Home https://server7.kproxy.com/servlet/redirect.srv/sruj/smyrwpoii/p2/ World https://server7.kproxy.com/servlet/redirect.srv/sruj/smyrwpoii/p2/ Trump administration to declare Yemen’s Hutus a terrorist group of humanitarian concern

Trump administration to declare Yemen’s Hutus a terrorist group of humanitarian concern



A senior State Department official said the decision was based on the group’s involvement in terrorist activities, including a missile attack on a Saudi airport in 2019 and another on a Saudi oil distribution station in 2020.

“The labels are intended to hold Ansarallah accountable for its terrorist acts, including cross-border attacks threatening civilians, infrastructure and merchant shipping,” Pompeo said, using the Houthi group’s official name.

Humanitarian organizations and foreign diplomats fear the move could complicate UN mediation in peace talks between the Hutus and the Saudi-backed government in Yemen, parties that have been at war for nearly six years in a conflict the UN has called the worst humanitarian crisis. the world.

Trump administration officials have denied complicating peace efforts for President-elect Biden, who has promised to breathe new life into diplomatic discussions when he takes office on Jan. 20.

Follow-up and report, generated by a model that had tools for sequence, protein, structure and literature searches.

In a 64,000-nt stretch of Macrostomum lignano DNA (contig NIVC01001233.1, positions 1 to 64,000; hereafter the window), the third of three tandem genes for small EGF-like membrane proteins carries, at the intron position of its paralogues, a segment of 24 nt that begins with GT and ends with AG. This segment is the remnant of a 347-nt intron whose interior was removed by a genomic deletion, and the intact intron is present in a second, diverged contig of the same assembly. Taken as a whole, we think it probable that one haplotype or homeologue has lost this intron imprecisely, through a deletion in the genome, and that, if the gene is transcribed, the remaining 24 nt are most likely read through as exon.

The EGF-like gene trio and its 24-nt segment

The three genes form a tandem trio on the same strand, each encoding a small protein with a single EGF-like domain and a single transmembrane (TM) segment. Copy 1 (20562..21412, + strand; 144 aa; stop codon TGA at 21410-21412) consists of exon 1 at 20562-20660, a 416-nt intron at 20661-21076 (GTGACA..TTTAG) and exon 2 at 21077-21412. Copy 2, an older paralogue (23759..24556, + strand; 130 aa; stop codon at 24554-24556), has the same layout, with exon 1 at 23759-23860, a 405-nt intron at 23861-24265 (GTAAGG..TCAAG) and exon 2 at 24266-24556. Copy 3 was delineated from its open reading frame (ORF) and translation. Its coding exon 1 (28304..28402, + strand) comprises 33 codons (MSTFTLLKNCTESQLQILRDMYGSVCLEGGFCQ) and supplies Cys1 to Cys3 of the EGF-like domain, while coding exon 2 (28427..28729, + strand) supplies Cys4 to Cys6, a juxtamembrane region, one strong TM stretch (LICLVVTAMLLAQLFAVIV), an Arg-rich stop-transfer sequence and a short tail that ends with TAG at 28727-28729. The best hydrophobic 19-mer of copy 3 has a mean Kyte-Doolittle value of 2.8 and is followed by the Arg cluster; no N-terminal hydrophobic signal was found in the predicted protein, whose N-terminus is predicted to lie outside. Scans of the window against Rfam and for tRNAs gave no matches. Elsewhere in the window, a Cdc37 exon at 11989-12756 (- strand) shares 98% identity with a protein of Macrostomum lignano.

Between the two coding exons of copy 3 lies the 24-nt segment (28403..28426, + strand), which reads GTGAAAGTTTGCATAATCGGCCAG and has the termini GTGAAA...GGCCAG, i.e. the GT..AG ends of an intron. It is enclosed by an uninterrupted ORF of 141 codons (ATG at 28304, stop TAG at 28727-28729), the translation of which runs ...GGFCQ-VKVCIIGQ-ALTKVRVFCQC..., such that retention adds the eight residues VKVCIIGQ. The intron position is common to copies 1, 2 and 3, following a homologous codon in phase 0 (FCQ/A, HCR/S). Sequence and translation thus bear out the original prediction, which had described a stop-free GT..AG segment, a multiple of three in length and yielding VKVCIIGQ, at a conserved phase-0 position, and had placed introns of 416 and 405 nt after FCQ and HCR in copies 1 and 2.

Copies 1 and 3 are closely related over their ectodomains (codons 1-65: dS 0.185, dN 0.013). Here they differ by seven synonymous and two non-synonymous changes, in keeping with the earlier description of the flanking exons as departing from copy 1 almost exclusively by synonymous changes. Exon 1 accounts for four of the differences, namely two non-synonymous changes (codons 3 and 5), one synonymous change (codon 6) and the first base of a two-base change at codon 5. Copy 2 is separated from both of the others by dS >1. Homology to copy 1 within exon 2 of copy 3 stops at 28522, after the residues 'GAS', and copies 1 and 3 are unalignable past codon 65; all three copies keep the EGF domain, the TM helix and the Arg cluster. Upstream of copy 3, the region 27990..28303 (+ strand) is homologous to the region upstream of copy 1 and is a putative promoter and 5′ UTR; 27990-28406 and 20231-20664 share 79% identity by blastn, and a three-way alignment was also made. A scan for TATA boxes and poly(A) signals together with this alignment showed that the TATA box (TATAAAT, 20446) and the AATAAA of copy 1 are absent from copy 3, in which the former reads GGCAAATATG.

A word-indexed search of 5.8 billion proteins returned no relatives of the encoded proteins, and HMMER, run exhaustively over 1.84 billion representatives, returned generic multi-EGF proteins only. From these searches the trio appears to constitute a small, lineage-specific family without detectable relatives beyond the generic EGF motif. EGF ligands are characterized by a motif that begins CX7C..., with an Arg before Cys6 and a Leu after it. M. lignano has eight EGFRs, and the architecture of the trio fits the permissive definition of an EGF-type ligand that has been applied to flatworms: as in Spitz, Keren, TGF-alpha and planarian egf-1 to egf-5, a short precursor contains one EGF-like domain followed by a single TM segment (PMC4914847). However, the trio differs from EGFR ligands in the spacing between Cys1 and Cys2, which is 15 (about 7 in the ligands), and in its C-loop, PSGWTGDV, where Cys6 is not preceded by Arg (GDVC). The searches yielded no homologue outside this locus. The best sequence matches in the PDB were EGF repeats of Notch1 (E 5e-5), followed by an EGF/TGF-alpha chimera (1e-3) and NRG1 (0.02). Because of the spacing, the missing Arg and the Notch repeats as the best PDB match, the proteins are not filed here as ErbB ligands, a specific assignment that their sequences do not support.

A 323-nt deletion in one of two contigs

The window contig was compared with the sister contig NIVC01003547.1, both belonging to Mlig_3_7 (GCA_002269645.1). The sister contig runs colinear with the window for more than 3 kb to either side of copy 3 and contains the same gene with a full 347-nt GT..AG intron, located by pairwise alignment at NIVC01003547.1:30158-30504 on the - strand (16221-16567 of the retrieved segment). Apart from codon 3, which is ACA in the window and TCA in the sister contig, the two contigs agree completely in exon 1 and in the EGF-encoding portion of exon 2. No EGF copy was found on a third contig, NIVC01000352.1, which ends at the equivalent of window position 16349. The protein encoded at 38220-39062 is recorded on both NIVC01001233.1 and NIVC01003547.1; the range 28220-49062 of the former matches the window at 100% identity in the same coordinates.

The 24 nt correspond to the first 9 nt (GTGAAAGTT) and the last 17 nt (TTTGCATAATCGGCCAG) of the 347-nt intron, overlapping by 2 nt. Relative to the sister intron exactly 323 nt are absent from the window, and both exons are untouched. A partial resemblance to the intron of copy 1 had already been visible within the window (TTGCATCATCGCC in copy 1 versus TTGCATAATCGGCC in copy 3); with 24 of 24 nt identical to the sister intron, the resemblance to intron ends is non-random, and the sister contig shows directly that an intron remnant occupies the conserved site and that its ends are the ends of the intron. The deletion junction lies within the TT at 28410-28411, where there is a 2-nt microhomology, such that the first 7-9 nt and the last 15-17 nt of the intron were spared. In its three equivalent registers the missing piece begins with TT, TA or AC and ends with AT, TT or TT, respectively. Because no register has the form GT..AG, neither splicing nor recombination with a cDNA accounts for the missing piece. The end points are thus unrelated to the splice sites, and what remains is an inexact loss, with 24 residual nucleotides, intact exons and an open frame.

Asked whether defining terrorism would prevent UN or US diplomats from meeting with the Hutus, who are crucial to any lasting political resolution, a senior State Department official said he would “look at job opportunities where we can”

; but noted that there was currently no well-functioning “political path”.

An expert on the matter said Biden’s team did not support the nomination and that the new administration was expected to release him due to concerns about the humanitarian impact.

Nearly a quarter of a million people have already died during the war in Yemen, most of them due to insufficient food, medical care and other indirect causes.

The Hutus control large parts of Yemen, especially in the north, where aid agencies coordinate with the rebels to deliver much-needed humanitarian aid.

How the designation will affect Yemenis may depend to a large extent on the nature of the refusals and exemptions the government grants to aid groups and parties so that they can avoid potential financial and legal sanctions, which will include licenses from the Ministry of Foreign Affairs. Foreign Assets Control Finance (OFAC).